2022 was a solid year for the world’s best American turned Frenchman turned American, as Eric “AITX | Mr. E” Weber accrued a set of solid peaks on both sides of the Atlantic, though the quality of the peaks was certainly greater than his consistency in getting them. One of Mr. E’s best results as also one of his first of the year, defeating MoDzai 2-0 then sending Glutonny to losers 2-0 at WANTED S4 C3 – Saint Valentin Edition 💖 before losing 0-2 to Flow, then 2-0’ing Ogey and 3-0’ing Mezcaul in losers before falling 2-3 to Homika. At Spanish superregional Glory 2.0, he defeated NaetorU and Homika, but lost to Mezcaul 2-3 and Leon 1-3 for 13th. At major 95 Kings of Fields 2, he defeated Oryon, Mezcaul, and MoDzai while losing only to MkLeo and Glutonny. At WANTED S5 C2, he defeated Leon and Mezcaul, but was double eliminated by Naskino. Returning to the US for the rest of the year, he achieved his greatest performance of the year at Super Smash Con 2022, placing 25th with wins on Grayson, ChocoTaco, and a surprise upset on Sonix, while losing to jaredisking1 and Ned. He’d struggle with inconsistency for the remainder of the year, placing 25th at the Ludwig Smash Invitational LCQ and Apex 2022 and 33rd at Port Priority 7.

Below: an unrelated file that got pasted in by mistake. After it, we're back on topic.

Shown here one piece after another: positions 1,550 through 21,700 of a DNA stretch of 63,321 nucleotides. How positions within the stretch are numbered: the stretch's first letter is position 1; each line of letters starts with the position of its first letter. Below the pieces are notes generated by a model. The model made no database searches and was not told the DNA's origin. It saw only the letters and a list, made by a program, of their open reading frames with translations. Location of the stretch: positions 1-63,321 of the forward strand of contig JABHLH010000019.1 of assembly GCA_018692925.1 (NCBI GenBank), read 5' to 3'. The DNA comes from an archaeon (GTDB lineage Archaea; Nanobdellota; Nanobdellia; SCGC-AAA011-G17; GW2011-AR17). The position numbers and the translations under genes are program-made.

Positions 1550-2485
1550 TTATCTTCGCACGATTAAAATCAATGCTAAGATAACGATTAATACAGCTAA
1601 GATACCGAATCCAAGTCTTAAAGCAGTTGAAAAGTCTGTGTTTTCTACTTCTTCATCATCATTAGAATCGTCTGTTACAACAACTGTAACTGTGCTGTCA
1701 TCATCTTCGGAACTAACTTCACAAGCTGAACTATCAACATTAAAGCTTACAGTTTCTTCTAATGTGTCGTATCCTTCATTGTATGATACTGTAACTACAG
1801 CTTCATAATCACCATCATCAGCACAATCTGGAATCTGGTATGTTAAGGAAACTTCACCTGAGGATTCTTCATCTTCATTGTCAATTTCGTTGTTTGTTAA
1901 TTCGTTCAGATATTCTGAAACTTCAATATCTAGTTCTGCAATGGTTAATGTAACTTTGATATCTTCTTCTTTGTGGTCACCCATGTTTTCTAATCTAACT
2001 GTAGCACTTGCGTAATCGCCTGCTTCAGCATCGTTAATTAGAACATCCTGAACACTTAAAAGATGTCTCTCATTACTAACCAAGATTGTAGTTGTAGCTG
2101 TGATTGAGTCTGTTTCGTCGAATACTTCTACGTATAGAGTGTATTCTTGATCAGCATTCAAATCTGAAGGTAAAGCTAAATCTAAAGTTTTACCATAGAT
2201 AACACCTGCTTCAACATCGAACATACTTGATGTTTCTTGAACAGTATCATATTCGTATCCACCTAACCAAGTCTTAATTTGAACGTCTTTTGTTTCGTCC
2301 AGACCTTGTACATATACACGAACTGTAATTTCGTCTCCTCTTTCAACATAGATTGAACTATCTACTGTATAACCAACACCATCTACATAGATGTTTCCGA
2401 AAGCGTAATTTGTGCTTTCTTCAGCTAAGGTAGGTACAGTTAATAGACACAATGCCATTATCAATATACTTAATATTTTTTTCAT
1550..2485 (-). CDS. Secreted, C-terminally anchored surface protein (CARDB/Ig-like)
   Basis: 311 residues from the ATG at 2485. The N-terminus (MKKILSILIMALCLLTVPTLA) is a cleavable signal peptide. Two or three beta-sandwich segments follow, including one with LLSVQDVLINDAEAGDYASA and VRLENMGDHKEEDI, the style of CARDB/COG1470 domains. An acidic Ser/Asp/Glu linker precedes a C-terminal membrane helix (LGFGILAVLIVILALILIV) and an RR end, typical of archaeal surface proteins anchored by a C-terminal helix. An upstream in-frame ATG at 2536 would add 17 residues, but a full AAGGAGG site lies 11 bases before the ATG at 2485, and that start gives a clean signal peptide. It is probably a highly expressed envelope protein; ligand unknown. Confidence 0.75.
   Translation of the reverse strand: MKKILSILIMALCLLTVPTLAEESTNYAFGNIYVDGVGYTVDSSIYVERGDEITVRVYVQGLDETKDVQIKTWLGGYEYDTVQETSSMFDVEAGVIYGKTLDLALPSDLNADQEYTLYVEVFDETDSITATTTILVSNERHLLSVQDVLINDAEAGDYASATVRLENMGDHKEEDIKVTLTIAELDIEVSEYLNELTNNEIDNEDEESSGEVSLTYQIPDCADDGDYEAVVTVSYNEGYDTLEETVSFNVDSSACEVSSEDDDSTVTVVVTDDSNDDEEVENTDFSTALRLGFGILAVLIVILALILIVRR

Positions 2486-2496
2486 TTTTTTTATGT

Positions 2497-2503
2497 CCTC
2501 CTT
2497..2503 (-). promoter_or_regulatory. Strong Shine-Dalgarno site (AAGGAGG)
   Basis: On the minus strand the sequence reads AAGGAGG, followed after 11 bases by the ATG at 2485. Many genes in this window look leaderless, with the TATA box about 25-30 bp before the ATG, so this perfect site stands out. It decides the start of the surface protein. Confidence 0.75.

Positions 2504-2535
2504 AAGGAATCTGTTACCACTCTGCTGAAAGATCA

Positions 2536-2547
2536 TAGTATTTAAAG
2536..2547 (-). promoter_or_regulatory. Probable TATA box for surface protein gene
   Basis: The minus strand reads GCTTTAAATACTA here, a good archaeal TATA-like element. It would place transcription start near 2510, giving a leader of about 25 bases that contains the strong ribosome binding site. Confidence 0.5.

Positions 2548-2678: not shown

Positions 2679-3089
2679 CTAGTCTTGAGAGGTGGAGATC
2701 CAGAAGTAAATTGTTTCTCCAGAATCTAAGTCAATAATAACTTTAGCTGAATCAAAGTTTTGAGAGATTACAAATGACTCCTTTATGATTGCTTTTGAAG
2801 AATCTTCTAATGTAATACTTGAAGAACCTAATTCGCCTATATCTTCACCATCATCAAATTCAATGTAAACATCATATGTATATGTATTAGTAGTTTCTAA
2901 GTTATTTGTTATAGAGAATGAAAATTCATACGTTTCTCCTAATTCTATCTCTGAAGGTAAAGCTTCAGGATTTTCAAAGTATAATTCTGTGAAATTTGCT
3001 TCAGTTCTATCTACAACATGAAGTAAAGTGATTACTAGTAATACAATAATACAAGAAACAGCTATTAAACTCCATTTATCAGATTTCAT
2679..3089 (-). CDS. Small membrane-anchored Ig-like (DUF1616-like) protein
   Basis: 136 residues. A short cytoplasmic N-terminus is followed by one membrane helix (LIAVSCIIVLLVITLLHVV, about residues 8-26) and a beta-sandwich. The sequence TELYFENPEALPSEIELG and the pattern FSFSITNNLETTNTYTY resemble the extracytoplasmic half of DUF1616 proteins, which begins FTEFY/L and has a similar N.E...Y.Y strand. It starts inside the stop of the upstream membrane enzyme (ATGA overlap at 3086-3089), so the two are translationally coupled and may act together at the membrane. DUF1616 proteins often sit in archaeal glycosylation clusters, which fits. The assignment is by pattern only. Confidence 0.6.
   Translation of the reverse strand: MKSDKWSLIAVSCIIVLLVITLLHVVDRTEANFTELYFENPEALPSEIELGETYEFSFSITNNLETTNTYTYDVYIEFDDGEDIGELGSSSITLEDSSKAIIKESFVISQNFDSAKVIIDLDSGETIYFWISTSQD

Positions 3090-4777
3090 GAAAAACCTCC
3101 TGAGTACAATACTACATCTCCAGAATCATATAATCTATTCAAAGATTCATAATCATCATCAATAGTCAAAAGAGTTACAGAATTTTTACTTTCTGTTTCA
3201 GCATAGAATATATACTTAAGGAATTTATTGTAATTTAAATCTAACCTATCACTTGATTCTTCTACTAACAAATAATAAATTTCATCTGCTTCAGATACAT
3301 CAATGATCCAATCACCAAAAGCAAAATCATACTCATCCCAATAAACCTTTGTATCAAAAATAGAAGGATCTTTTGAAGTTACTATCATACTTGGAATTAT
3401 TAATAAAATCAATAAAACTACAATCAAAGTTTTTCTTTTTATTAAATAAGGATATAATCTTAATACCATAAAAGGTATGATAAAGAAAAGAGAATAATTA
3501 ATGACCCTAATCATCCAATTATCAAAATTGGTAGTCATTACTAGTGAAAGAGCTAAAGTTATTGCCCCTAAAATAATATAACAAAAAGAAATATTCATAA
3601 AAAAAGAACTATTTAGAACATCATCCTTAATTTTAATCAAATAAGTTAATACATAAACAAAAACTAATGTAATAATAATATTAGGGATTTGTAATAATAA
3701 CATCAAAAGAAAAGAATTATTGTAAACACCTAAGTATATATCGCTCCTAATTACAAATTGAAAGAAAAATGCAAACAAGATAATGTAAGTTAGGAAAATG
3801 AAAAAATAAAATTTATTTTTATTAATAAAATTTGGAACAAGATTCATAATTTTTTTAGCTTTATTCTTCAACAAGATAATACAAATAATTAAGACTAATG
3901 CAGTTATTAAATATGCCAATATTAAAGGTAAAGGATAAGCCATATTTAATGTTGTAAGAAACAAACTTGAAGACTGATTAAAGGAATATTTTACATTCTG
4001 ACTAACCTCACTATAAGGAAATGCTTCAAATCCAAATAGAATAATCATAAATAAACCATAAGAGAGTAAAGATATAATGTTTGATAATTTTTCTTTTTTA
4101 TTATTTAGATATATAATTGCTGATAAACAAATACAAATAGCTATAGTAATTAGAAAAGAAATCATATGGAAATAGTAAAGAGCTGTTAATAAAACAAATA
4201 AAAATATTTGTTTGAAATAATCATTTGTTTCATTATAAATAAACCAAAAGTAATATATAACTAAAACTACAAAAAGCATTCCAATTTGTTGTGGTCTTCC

With two wins on top 20 players, it seems Mr. E’s greatest challenge isn’t beating Ultimate’s upper echelon, but rather getting to them in the first place, as he went out early without facing any top 100 players multiple times throughout the year at events like Pound 2022 and the e-Caribana invitational. Time will tell if he’s able to overcome these issues and return to the place on the rankings he occupied in Ultimate’s first year.